And with so many variations available – in flower forms (including showier ‘doubles’ with several layers of petals), sizes, colors, fragrances, and markings (the green or yellow details found on the petals) – it’s no surprise snowdrops also inspire collector’s fever and are a favorite in a winter garden. Snowdrop enthusiasts are called ‘galanthophiles’ and some will spend more than $425 on a single, sought-after bulb. If you’re looking for a festive display of seasonal blooms in pots, on your porch, or brought into the house for a table centerpiece, then snowdrops are some of the best bulbs for Christmas flowering. They are also renowned for an early display in the backyard, making them a regular pick for the best winter plants for pots and borders.

How to plant and grow snowdrops

Snowdrops are some of the best winter flowers to grow. If you want to know how to plant snowdrops, your key takeaway should be that they are best planted ‘in the green’ when they’re still growing, rather than when they’re dormant. This means, unlike most bulbs, now is the season to purchase as well as enjoy them.  ‘Always plant snowdrops where they will be shaded in the summer, ideally by trees or shrubs whose roots will dry out the soil, providing the dry rest that the snowdrops need,’ is the advice of Chris Ireland-Jones from specialist nursery Avon Bulbs (opens in new tab).  ‘In the spring, they’ll also need a reasonable amount of light and lots of moisture. You should then avoid cutting the foliage back until it has withered away in June.’

1. Galanthus ‘Atkinsii’

Galanthus ‘Atkinsii’ is an early-flowering cultivar that creates an impression with tall stems and dramatically pointed flowers. It has an appealing green heart-shaped marking on its inner petals, with long white outer segments and glossy green leaves. It grows to around 9 inches in height.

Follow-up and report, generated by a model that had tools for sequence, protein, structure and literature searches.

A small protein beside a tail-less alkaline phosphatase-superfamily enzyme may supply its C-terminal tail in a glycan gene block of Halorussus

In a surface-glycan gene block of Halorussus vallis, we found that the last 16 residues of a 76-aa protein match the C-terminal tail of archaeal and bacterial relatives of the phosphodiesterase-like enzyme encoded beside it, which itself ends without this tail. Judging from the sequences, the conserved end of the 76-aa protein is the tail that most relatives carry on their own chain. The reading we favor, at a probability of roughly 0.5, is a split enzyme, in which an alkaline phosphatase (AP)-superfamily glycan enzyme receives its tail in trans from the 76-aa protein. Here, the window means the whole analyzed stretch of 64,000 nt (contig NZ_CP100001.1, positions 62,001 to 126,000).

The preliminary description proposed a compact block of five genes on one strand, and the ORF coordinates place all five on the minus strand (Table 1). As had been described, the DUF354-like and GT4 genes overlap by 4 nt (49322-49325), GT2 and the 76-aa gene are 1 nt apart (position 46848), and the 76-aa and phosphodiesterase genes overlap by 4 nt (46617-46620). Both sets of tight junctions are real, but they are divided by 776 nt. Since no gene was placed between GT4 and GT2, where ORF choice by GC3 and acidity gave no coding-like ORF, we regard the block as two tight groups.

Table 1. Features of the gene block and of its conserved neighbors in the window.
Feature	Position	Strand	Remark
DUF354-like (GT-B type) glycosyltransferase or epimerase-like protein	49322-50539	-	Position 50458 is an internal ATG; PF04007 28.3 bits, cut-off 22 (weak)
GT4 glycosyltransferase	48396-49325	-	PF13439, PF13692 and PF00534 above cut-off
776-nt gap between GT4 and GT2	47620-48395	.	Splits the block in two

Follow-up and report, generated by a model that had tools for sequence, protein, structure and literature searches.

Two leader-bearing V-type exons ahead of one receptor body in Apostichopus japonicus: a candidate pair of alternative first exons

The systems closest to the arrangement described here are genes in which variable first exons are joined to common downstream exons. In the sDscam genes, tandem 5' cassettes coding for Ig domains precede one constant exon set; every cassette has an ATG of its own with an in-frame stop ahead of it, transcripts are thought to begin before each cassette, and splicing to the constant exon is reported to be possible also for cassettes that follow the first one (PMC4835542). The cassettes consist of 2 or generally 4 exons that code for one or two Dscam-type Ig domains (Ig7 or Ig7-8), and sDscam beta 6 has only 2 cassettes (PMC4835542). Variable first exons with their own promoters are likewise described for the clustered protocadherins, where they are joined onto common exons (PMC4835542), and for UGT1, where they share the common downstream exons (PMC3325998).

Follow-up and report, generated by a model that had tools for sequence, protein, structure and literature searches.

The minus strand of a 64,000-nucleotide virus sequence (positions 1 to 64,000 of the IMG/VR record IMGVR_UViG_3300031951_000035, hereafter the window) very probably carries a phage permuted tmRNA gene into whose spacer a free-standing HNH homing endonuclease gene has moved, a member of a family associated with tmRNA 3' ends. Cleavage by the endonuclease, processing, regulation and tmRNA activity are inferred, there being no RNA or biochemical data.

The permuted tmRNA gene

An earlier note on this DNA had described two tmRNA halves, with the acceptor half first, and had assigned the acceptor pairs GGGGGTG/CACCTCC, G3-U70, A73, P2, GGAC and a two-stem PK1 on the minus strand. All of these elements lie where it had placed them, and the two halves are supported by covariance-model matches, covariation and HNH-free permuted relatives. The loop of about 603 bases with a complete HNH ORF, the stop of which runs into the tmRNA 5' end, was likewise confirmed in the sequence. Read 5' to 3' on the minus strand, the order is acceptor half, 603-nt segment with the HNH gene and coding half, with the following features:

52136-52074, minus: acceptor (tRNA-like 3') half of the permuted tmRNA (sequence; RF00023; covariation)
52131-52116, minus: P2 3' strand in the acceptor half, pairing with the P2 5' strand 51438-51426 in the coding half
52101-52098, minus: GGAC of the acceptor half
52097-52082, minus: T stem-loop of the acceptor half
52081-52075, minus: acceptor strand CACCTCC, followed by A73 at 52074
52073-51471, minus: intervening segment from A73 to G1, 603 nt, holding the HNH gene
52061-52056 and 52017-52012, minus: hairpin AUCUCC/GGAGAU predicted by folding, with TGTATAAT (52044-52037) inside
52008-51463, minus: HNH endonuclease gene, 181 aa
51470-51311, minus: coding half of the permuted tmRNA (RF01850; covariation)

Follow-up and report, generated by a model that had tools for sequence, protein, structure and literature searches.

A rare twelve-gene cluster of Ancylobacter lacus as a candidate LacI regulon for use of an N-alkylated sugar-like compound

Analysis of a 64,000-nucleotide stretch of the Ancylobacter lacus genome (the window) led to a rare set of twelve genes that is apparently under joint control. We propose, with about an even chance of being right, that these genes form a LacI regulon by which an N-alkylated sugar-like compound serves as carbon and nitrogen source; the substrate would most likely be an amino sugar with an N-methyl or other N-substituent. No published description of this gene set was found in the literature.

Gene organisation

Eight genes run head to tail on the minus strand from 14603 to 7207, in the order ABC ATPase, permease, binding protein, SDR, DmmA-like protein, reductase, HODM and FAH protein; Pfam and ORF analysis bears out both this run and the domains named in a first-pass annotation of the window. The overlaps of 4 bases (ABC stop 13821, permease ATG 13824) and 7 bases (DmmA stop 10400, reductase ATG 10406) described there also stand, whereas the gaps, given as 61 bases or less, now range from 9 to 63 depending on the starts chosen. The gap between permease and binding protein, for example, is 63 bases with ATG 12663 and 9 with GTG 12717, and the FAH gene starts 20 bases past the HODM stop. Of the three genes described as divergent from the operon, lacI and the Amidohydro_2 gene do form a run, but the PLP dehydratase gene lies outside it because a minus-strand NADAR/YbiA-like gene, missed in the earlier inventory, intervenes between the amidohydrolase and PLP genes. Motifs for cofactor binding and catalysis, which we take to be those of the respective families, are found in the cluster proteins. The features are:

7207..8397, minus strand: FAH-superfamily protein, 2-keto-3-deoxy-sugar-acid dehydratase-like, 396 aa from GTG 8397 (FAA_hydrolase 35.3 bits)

2. Galanthus ‘S. Arnott’

This is a mid-season snowdrop that has an especially strong, ‘honey-like’ scent, making it perfect for bringing inside. It grows to around 6 inches and has gray-green foliage. The inner part of the flowers has a V-shaped mark at the tip.

3. Galanthus ‘Viridapice’

This snowdrop has long ‘spathes’ (the extension of the stem above the flower) and green markings on both the inner and outer petals. It grows to around 6 inches and has gray-green leaves.

4. Galanthus ‘Imbolc’

Galanthus ‘Imbolc’, named after the spring festival, is one of the last snowdrops to flower. It has large petals and fairly short stems, around 4 inches in height. The inner segment of the flower has a green tip and a further green tint leading to the center of the flower.

5.  Galanthus ‘Starling’

An unusual variety, Galanthus ‘Starling’ has flowers that look out rather than down, making it easier to appreciate the mass of green-tipped petals inside. It’s short and has single flowers.

6. Galanthus ‘Lord Monostictus’ 

Galanthus ‘Lord Monostictus’ has large flowers with bold green crosses on the inner petals and broad, blue-green leaves that curl down at the edge. It grows to around 7.5 inches and blooms between November and January.

7. Galanthus nivalis

Galanthus nivalis – the name means ‘milk flower of the snow’ – might be simple, but it is inexpensive and easily found, so is ideal for planting in great swathes. It flowers between January and March.

How easy are snowdrops to grow?

Snowdrops are some of the easiest and best spring bulbs to grow. Despite their delicate looks, they are tough plants that can withstand freezing temperatures. They are resistant to deer, so great for wild or naturalized and used as woodland plants. Snowdrop bulbs take a year to become established, then will spread in drifts each year after. The bulbs do not need to be lifted and divided, making snowdrops some of the easiest bulbs to grow.